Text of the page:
I sometimes bemoan the fact that summer in New Orleans means lots of rain and lawn mowing, currently twice a week for my poor husband, as well as constant trimming of plants that are continually in growth spurts -- not to mention an abundance of hearty weeds. Recently, however, I visited northwest Arkansas in the midst of a drought that is quickly turning once verdant lawns into dust bowls and flowerbeds into pitiful strips of shriveled yellow things. This in an area I always remembered as being a floral wonderland full of wildflowers, bountiful gardens, oversized lawns and towering green trees. It's been so dry there that during the entire week I visited, I never saw one person mow a lawn, and the number of tree leaves that are drying up and abandoning their holds on branches makes it look like the beginning of fall.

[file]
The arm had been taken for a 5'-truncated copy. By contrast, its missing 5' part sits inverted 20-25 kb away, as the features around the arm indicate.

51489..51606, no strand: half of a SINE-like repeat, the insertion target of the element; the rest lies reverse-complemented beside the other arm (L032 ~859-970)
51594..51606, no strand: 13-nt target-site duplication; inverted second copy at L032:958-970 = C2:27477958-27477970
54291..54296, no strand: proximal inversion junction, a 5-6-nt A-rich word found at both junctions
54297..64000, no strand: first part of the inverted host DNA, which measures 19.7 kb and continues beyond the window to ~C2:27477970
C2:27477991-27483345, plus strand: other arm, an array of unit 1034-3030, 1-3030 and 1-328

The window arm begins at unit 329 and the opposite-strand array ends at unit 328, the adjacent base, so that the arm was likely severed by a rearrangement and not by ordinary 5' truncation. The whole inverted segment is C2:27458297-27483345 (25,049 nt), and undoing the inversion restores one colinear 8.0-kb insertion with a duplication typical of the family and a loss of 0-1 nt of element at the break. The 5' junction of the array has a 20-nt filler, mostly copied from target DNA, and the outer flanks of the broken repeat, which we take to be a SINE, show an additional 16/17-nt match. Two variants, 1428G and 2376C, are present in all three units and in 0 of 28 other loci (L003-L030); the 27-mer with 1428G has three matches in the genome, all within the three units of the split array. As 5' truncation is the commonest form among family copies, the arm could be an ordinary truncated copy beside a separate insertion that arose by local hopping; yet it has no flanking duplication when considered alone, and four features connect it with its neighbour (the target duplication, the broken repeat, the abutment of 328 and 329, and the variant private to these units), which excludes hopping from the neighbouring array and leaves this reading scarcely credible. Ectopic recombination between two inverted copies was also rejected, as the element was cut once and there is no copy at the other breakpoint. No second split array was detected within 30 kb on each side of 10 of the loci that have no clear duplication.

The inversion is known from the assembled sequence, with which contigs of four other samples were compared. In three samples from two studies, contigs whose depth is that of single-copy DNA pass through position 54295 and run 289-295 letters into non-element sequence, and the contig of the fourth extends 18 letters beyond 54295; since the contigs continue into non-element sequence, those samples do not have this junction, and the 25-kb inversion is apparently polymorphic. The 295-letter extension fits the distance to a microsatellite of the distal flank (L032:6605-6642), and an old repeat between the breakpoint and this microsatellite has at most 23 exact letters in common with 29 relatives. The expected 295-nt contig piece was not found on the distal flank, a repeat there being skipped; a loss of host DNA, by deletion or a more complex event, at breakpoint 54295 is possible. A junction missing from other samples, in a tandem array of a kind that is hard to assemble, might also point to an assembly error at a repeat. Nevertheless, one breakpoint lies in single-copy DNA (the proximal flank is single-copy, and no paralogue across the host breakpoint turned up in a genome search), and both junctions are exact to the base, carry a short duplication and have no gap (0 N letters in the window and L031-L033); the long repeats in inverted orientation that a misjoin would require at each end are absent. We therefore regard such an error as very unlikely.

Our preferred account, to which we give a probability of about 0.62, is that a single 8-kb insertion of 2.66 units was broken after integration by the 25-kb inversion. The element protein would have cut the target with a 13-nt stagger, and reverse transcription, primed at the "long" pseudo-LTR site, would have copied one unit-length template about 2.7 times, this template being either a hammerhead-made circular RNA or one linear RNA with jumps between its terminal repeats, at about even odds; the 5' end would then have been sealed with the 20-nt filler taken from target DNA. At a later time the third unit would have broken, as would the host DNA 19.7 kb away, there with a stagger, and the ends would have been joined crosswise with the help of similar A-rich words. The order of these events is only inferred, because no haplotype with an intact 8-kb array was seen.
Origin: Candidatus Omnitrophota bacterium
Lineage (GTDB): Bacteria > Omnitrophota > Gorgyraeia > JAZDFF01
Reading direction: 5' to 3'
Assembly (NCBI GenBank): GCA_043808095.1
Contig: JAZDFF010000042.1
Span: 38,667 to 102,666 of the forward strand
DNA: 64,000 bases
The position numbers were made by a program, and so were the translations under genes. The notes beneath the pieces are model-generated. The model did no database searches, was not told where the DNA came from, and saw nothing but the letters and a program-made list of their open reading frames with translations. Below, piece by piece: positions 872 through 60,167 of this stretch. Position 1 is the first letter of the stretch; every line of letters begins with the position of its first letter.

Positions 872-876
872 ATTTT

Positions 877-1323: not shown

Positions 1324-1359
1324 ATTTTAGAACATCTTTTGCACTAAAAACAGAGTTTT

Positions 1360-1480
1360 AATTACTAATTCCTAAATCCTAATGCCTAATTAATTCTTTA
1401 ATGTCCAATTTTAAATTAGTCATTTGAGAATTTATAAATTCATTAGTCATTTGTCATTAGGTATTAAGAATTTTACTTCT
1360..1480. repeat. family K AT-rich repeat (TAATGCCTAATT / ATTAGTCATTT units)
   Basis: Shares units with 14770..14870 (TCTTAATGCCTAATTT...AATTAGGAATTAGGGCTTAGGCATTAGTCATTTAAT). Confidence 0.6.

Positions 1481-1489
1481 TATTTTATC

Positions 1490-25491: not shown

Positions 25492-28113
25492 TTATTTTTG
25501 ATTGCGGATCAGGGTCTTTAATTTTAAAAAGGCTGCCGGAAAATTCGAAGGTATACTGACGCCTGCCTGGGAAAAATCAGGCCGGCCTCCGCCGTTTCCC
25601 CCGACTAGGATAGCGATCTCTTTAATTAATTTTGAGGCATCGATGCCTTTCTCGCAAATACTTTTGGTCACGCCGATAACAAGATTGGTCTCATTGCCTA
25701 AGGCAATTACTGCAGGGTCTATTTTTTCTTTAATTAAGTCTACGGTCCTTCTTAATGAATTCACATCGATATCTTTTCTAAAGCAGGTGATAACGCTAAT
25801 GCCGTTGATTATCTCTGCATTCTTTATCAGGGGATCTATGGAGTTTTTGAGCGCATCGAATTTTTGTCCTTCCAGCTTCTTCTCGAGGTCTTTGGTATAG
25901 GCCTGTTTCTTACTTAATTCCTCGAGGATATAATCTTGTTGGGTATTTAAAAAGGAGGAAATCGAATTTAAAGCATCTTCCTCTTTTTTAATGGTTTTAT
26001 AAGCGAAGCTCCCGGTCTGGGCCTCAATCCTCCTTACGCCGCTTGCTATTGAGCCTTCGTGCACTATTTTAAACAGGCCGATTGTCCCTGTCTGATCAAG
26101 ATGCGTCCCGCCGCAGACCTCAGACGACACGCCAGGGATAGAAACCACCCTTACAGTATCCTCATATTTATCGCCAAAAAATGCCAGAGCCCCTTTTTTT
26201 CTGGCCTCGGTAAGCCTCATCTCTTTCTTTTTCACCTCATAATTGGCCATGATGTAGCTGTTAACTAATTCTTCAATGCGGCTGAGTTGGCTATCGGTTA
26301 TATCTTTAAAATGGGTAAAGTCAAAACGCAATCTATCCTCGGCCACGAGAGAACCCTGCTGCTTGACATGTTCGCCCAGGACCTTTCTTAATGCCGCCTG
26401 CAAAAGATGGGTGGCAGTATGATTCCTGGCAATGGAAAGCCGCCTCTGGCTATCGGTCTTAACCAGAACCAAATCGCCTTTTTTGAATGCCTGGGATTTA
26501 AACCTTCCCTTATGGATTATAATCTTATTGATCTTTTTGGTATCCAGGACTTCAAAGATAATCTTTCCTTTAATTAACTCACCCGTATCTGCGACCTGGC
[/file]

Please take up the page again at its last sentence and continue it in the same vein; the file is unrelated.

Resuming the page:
It all made me recall my early years growing up in West Texas, which at times resembles a barren wasteland. The first time I saw the movie Grapes of Wrath with the dust storm that drove the mother insane, I found it hard to understand her horror. I had spent the first 10 years of my life thinking the broom my mother always carried was a natural appendage and that only weeds grew without being planted and nurtured by a human hand.
It all served to make me appreciate living in New Orleans, where our subtropical climate means there always is something green to sow a seed of inspiration. Weeding, trimming and lawn mowing are less a pain in the neck than a blessing we enjoy for choosing to live here. I'll carry those good thoughts -- at least until the next flooding hits.